How to Cope When You Quit Smoking: A Nicotine Withdrawal Timeline

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So you’ve made the choice to quit smoking and leave nicotine behind. You join hundreds of millions of people who want to breathe more freely and leave this unhealthy habit in the past.

It won’t be easy, at least not at first. After as few as 3 days you will start seeing results, and from there it gets easier every day. 

Withdrawal is a process everybody who has used nicotine goes through – knowing what to expect, what the nicotine withdrawal timeline looks like, and what help is available makes all the difference in effectively following through.

What To Expect From Withdrawal

Cigarette withdrawal and tobacco withdrawal are marked by symptoms unique to the smoking cessation process. Unlike many harder drugs, none of these symptoms are immediately fatal but are frustrating to deal with nonetheless.

Withdrawal symptoms include:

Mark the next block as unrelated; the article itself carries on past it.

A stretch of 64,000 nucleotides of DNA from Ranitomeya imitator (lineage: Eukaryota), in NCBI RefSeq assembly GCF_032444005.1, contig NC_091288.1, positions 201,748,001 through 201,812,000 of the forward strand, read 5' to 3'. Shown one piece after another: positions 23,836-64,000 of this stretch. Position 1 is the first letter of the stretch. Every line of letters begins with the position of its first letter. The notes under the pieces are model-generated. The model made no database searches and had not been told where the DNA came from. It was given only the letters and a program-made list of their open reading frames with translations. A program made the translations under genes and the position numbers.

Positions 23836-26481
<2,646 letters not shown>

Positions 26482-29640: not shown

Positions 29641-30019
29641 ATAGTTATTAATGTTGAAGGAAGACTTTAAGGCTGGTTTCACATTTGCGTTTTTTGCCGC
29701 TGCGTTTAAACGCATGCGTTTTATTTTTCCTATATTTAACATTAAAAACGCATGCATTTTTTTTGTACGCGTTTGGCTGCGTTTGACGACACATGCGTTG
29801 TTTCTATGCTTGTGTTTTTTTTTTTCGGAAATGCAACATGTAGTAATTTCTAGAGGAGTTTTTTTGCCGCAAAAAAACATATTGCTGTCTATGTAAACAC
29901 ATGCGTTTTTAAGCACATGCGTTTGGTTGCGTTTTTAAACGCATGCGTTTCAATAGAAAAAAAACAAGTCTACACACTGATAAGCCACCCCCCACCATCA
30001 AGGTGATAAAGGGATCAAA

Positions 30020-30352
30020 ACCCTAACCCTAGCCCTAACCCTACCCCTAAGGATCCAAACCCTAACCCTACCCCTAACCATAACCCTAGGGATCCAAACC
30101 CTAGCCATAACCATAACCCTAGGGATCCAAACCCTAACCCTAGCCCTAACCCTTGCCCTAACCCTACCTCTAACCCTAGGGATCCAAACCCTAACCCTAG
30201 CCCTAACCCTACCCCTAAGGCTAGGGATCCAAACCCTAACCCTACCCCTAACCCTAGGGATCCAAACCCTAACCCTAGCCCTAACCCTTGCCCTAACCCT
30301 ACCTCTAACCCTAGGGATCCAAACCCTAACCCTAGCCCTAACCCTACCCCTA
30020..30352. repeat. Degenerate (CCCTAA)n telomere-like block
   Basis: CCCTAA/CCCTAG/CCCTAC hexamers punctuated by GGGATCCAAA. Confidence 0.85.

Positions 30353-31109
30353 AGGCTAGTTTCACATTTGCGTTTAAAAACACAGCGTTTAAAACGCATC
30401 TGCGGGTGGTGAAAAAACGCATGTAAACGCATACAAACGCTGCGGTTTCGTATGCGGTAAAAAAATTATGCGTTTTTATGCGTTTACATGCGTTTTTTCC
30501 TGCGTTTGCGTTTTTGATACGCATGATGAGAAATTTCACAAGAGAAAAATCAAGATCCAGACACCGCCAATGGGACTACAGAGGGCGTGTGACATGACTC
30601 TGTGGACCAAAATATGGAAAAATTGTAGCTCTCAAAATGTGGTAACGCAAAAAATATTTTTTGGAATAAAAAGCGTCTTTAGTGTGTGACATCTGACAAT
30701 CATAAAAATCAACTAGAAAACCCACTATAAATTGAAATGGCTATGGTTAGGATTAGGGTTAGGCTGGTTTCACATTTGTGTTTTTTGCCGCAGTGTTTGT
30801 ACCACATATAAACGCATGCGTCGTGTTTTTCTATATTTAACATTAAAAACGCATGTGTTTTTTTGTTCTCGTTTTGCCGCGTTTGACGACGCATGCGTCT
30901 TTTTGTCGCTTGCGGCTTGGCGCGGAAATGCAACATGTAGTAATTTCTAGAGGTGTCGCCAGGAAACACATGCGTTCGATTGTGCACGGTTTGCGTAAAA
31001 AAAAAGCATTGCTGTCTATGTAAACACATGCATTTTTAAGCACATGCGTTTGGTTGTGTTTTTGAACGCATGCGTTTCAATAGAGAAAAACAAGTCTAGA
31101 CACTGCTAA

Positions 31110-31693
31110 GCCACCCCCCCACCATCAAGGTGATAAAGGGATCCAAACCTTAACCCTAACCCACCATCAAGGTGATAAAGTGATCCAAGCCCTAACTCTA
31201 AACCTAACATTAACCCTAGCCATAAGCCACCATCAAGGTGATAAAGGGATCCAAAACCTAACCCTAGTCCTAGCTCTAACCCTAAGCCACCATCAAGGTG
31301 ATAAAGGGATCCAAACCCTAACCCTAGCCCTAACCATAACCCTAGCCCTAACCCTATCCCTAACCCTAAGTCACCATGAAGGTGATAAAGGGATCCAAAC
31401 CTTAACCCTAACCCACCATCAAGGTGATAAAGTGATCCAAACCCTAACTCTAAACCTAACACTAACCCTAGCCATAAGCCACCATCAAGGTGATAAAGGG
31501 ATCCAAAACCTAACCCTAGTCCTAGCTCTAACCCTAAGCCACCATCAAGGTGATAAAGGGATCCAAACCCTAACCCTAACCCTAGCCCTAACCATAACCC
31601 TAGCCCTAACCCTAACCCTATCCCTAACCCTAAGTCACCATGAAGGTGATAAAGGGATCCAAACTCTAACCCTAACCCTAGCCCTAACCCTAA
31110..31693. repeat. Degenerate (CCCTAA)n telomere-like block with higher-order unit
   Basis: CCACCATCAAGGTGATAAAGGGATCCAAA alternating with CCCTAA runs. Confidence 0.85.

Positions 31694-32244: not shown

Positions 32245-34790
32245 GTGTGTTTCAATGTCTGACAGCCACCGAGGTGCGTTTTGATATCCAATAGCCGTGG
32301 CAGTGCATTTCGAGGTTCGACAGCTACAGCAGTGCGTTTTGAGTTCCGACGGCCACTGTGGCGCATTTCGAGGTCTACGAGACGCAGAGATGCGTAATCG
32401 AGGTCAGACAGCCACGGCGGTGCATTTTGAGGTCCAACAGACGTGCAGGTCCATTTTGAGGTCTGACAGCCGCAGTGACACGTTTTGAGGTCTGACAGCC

• A much stronger appetite
  • A mild to a moderate persistent headache
  • Fatigue and insomnia
  • A noted cough as your lungs try to self-regulate
  • Short-term behavioral changes (you might become more irritable, depressed, or anxious)
  • And cravings for nicotine that come and go regularly

Different people will experience different symptoms. Speaking generally, these are the withdrawal symptoms to expect when quitting. Some less common symptoms that are worth mentioning include:

  • Constipation, which depends on your level of nicotine use
  • Weight gain, which depends on your regained appetite
  • Dizziness, which can come alongside a headache